Good IT security comes down to good education, not only employees, but also stakeholders and suppliers, as well as good communication. Equally, one of the best ways to beat the cyber threat is by collaboration – with governments, regulators and even rival companies.
If organisations put their differences to one side and work together, there may be light at the end of the tunnel yet.
We’ll leave the last word to Jeh Johnson, the United States Secretary of Homeland Security – “Cyber security is a shared responsibility and it boils down to this: in cyber security, the more systems we secure, the safer we all are.”
Do you work in IT procurement? Do you have any good tips that you could share with your fellow professionals? Let Procurious know and we can spread the word.
We’ve scoured our sources to come up with the key headlines in procurement and supply chain this week…enjoy!
Boerum Showcases Supply Chain Transparency
- Boerum Apparel, a clothing company based in Brooklyn, has released a sweatshirt which shows off its entire supply chain
- Each garment’s journey from plant or animal to the finished product is is written on its label, and includes where the raw materials were sourced and where it was turned into a sweater
- The organisation is working hard on its “radical transparency” programme, and hopes that it will lead others to follow suit
- You can get more information by search for the Twitter hashtag #knowyoursources
More at Treehugger.com
Toyota Breaks with Supply Chain Tradition
- Japanese car manufacturer Toyota launched its new Corolla model this year, but departed from their traditional supply chain process of keiretsu
- For the first time, Toyota chose to source a key component, a crash prevention system, from German manufacturer, AG Continental, rather than a Japanese-based firm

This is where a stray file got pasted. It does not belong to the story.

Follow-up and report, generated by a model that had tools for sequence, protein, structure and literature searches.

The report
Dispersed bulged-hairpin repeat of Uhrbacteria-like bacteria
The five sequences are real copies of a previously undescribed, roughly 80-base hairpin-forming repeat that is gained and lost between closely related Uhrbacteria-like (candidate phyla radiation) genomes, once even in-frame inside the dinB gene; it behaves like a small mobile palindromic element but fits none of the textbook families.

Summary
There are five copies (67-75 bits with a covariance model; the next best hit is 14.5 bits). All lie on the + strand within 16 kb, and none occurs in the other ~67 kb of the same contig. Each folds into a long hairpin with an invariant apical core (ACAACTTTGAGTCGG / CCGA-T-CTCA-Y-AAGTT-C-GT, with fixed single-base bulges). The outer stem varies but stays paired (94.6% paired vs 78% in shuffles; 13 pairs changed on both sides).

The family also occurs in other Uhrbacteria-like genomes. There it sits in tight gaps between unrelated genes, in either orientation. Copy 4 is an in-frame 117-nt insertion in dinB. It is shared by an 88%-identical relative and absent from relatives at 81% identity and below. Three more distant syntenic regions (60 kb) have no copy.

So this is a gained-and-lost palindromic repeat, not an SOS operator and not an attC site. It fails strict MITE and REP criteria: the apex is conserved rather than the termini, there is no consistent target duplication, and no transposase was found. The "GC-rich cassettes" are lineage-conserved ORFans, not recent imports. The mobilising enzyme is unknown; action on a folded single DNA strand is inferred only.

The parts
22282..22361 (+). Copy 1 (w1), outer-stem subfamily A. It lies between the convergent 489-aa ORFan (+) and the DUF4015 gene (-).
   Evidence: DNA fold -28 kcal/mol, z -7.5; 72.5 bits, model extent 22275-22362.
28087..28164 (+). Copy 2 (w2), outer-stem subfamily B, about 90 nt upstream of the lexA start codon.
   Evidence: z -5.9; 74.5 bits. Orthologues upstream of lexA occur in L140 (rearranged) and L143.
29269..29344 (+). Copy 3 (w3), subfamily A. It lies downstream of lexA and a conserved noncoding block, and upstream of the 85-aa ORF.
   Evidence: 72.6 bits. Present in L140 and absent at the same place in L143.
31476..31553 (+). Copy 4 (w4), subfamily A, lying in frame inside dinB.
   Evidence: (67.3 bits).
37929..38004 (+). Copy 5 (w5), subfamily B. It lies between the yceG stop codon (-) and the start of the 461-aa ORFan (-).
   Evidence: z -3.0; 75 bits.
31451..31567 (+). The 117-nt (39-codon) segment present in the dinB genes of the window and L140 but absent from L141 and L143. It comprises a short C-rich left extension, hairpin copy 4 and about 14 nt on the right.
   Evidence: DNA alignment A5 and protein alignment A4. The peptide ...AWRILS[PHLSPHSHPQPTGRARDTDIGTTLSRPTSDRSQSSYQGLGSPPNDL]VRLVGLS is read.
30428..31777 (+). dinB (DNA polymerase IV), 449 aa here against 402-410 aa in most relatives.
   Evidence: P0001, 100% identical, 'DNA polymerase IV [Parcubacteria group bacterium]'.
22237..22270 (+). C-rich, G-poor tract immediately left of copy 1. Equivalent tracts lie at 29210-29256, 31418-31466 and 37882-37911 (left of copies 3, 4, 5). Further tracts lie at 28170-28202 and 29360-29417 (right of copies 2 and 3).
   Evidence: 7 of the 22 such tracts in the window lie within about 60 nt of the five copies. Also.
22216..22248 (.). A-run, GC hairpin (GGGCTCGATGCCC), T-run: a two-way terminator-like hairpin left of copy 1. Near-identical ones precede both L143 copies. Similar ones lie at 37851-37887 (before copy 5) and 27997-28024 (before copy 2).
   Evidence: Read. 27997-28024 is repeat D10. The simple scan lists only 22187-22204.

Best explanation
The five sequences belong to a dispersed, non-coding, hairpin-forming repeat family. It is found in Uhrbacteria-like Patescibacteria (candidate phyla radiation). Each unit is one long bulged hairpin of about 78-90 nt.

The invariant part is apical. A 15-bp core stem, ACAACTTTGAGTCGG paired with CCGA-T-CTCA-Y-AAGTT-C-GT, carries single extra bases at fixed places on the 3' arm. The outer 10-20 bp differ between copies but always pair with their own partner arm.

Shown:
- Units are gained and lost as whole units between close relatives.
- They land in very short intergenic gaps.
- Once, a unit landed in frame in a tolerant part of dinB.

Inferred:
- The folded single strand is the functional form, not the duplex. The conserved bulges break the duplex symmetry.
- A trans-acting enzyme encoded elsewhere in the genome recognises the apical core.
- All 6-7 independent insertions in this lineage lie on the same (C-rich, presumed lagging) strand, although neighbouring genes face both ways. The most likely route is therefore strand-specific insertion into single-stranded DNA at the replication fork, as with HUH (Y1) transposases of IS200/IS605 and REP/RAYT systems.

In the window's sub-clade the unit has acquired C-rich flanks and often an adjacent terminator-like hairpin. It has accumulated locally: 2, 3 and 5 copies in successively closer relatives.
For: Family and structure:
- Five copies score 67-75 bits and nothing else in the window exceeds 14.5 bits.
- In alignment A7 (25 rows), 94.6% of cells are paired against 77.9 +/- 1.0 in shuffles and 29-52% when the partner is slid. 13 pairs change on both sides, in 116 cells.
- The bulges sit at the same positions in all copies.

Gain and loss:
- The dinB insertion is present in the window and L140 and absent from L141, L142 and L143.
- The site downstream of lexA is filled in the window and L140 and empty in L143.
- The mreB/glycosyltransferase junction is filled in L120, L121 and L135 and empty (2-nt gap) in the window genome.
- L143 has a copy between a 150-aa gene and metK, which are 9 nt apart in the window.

- The decision is regarded as a symbol of Japan’s automotive suppliers falling behind the rest of the world when it comes to cutting-edge technology
- Toyota plans to keep its keiretsu, but wants suppliers to be more globally successful and spend more on technological development
Read more at the Wall Street Journal
Living Wage on the Rise
- The voluntary living wage in the UK is set to rise by 40 pence per hour, rising from £7.85 to £8.25 per hour in London
- The rise is set to be officially announced this week, with organisations having six months to implement the changes
- The move follows a report from KPMG that claimed almost six million workers in the UK were paid less than the living wage
- In the last Budget the UK government announced a new compulsory National Living Wage that will come into force from April 2016, starting at £7.20 per hour
Read more at The BBC
Volvo to Test ‘Kangaroo Avoidance’ Technology
- Around 20,000 kangaroo collisions are reported on Australian roads each year
- Volvo has conducted a trial in Canberra last week aimed at adapting and using existing technology to help avoid the creatures on the nation’s roads
- The technology uses radar and cameras to sense kangaroos along the road ahead and automatically brake as necessary
- The technology has been used in the past for cows, moose and reindeer but requires calibration due to kangaroos’ more erractic behaviour
More at The Verge